A Right to B(uild) “Wrong”

2
232

Editor’s Note – The title is a reference to the song Right to be Wrong by Joss Stone

4 Snapcaster Mage 4 Grim Lavamancer

This is how all of my latest decks for Standard and Legacy have started. Most of them also have a playset of Delver of Secrets, but the full four copies of both Snapcaster Mage and Grim Lavamancer have been present in pretty much every single list. Like always, as everyone who is part of a team or just often hangs out with the group of players from his local store knows, I e-mailed and discussed some of these lists with my friends and got a somewhat unexpected, yet quite unanimous reply:

– Why?
– What do you mean?
– Why the hell do you have four copies of two cards that probably have the worst interaction ever? If you’re maxing out on one of them already, then it doesn’t make any sense to have the other…

Why indeed? Isn’t one of the first rules of deckbuilding not to play with cards that interact poorly with each other? Snapcaster Mage and Grim Lavamancer eat up the same resource, the graveyard, so it really makes no sense to have them both in the same deck, and having four copies of each just can’t be right…right?

Well, Adam Prosak seems to disagree!

And so does Kyle Zimmermann…
Kyle decided to battle with four copies of Snapcaster Mage and three copies of Grim Lavamancer, despite knowing fully about the fact that they don’t really seem to play nice with each other. What he found out through playtesting (I assume), was that the cards were just too powerful on their own not to be played. In a way, they actually complement one another. In the match-ups where the Lavamancer is at its best (Mono-red, the U/R mirror…), Snapcaster Mage usually has more value as a surprise blocker or as an instant speed threat, that can still flashback a key counter or removal spell. On the other hand, the match-ups in which the 2/1 wizard is a Swiss-army knife (Wolf Run Ramp, Control decks…) are those where Grim Lavamancer’s main purpose is to sneak in some early damage and occasionally kill a Birds of Paradise or Inkmoth Nexus.

Similarly, Adam chose to play with four copies of Snapcaster Mage and the full four copies of Grim Lavamancer, once again due to the fact that their sheer power exceeds their poor interaction. In the Legacy format, an active Grim Lavamancer nearly invalidates a lot of the aggro strategies (like Merfolk, Goblins or Elves), and Snapcaster Mage is just an incredibly powerful tool with all the cheap card drawing and removal spells available. Such a big amount of cheap spells, along with all the fetchlands, Wastelands and Force of Wills also helps to shorten the negative impact of having the Mage and the Lavamancer both feeding off the graveyard.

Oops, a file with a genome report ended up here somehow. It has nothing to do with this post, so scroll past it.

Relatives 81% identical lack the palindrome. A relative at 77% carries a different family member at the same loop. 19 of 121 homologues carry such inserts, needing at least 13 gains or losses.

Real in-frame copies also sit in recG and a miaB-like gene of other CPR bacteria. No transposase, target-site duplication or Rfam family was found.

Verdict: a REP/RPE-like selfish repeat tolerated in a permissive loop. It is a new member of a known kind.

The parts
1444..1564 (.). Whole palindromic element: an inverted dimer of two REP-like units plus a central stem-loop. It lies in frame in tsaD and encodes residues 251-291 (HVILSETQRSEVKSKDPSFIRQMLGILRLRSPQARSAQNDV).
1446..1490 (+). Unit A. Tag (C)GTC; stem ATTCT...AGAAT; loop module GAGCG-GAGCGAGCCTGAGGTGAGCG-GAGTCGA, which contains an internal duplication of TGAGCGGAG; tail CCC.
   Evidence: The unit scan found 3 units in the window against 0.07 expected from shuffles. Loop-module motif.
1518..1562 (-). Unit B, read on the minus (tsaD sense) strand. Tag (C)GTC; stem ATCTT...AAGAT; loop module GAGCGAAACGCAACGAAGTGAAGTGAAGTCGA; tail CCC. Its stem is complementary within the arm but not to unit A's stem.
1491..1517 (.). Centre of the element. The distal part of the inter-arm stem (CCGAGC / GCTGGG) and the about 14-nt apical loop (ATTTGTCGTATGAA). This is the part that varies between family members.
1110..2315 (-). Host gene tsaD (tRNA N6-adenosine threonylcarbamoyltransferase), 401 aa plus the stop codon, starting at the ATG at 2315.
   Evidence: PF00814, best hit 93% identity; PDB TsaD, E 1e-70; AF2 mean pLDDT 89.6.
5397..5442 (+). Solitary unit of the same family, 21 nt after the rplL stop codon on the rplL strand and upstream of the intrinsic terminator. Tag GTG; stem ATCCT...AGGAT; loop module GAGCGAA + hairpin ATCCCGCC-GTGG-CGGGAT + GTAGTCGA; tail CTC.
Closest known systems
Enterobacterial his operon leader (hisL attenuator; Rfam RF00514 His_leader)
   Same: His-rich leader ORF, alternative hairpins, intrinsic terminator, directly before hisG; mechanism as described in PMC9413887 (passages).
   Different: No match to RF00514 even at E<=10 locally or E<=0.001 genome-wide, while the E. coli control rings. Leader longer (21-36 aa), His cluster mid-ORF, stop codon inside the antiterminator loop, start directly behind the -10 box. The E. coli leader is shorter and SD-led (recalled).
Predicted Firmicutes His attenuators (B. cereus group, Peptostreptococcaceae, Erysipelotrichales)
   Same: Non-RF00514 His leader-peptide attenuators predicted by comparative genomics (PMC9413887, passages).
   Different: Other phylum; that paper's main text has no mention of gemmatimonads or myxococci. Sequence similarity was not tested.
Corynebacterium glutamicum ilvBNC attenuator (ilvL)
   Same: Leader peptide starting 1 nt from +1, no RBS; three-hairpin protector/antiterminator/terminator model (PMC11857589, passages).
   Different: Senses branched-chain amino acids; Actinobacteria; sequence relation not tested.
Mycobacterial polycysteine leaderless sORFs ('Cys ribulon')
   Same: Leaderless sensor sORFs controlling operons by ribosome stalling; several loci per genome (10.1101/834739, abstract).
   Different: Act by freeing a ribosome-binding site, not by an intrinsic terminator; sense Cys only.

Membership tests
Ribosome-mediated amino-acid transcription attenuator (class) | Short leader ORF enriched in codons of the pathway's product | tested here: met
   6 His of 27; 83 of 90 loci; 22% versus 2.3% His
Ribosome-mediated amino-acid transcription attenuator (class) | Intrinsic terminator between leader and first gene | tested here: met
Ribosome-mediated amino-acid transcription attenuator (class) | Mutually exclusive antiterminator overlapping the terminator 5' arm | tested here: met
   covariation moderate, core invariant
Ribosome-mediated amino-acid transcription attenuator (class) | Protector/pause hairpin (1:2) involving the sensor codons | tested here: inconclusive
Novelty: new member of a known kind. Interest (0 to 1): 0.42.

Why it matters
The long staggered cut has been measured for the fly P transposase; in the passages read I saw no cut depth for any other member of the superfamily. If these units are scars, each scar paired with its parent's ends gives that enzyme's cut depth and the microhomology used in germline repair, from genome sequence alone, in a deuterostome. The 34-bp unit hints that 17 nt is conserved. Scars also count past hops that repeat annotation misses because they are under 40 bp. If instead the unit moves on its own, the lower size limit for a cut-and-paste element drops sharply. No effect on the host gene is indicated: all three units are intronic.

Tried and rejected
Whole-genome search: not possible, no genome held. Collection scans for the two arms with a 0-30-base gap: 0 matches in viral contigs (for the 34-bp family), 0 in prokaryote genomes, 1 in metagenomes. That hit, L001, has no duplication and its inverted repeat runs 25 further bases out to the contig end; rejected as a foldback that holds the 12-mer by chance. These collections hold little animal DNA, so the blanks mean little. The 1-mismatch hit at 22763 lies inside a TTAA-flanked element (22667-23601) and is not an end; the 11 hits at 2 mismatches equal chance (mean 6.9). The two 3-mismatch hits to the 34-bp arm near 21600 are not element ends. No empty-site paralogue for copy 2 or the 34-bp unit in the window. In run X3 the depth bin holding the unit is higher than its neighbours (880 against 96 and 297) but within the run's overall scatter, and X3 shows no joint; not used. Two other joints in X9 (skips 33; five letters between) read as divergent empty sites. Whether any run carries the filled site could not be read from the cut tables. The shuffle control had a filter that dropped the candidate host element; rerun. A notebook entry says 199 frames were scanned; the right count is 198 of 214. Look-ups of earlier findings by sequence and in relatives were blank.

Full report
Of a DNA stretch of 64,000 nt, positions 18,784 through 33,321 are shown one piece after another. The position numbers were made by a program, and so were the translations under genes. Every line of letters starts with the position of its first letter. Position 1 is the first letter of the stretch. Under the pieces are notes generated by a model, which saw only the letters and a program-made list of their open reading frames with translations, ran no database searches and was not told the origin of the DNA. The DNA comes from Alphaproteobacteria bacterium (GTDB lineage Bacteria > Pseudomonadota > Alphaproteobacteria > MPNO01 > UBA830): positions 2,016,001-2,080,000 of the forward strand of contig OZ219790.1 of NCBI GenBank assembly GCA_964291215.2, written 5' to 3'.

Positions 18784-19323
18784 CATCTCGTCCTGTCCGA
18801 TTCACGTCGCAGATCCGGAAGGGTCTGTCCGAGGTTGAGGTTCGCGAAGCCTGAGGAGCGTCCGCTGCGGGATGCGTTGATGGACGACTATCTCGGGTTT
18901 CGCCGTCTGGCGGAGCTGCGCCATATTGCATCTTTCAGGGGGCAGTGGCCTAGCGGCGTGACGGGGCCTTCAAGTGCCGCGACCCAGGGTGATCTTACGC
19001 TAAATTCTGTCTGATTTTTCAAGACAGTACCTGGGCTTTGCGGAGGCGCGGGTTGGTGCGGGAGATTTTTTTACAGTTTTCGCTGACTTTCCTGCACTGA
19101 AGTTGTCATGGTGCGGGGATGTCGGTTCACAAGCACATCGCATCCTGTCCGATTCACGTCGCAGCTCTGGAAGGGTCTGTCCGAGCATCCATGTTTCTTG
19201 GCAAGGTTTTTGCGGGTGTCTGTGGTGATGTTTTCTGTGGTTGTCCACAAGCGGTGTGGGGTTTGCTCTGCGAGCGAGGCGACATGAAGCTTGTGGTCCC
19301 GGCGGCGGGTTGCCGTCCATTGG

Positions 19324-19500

The case of Snapcaster Mage and Grim Lavamancer, however, is not the only one in which power triumphs over interaction. Can you guess where power was favoured here?

Stitched Drake and Moorland Haunt in the same deck looks weird, doesn’t it? Particularly Stitched Drake! Sure, Moorland Haunt probably makes the list of most powerful cards in Standard, but Stitched Drake? Well, the truth is that the seemingly underpowered creature is one of the very few weapons that Illusions has to fight the awful Red Deck Wins match-up. It’s fueled by the cheap and fragile creatures that RDW easily kills, it usually takes at least two burn spells to put it in the graveyard and it flies.

Let’s look at yet another example…what seems wrong with the following list?

You got it? Green Sun’s Zenith + Gaddock Teeg as a one-off Zenith target. The two cards seem to have the worst interaction possible, since once you cast a Zenith for the Teeg, you can never cast it again. However, the legendary Kithkin is such a troublesome card for the control (stopping Force of Will and Jace, the Mind Sculptor from ever being cast) and combo decks (Ad Nauseaum, Turnabout and Time Spiral, Past in Flames, or Aluren) in the format that not being able to cast the Zenith again is a very small price to pay.

Lastly, let’s see what deck was once considered the worst deck ever made in Legacy. There are four cards that seem to interact quite poorly with each other…can you find out which ones?

Tarmogoyf + Tombstalker, Dark Confidant + Tombstalker, Dark Confidant + Force of Will… this deck is a mess… a hot mess! If there’s ever been a deck that ignored interaction for raw power, it’s this deck! Dark Confidant, coupled with Tombstalker, Force of Will and Jace, the Mind Sculptor will sometimes cause the deck to lose to itself, particularly in the more aggressive match-ups, but the cards are so powerful on their own that the number of wins they’ll grant will greatly exceed the number of losses.

The interaction between Tarmogoyf and Tombstalker might look awful at first, since the alternative cost of the Demon will sometimes reduce the power of the Lhurgoyf, but the 5/5 will always be cast in the late game, when the graveyard is usually stocked full of fetchlands, Wastelands, instants and creatures. And let’s not forget, a 5-powered flier for two mana, cast after most removal and counter spells have already been used, is certainly nothing to sneeze at.

In conclusion, let’s not allow our preconceived notions to stifle our deckbuilding and keep in mind that every rule has an exception. Even though they seem not to mix well, sometimes it’s right to play Snapcaster Mage alongside Grim Lavamancer, or Tarmogoyf in a deck that already has Tombstalker. All it takes is a basic understanding of the format, a willingness to look past the obvious interaction and most importantly, being able to play around your own cards.

Thanks for reading,

André Mateus.

Discussion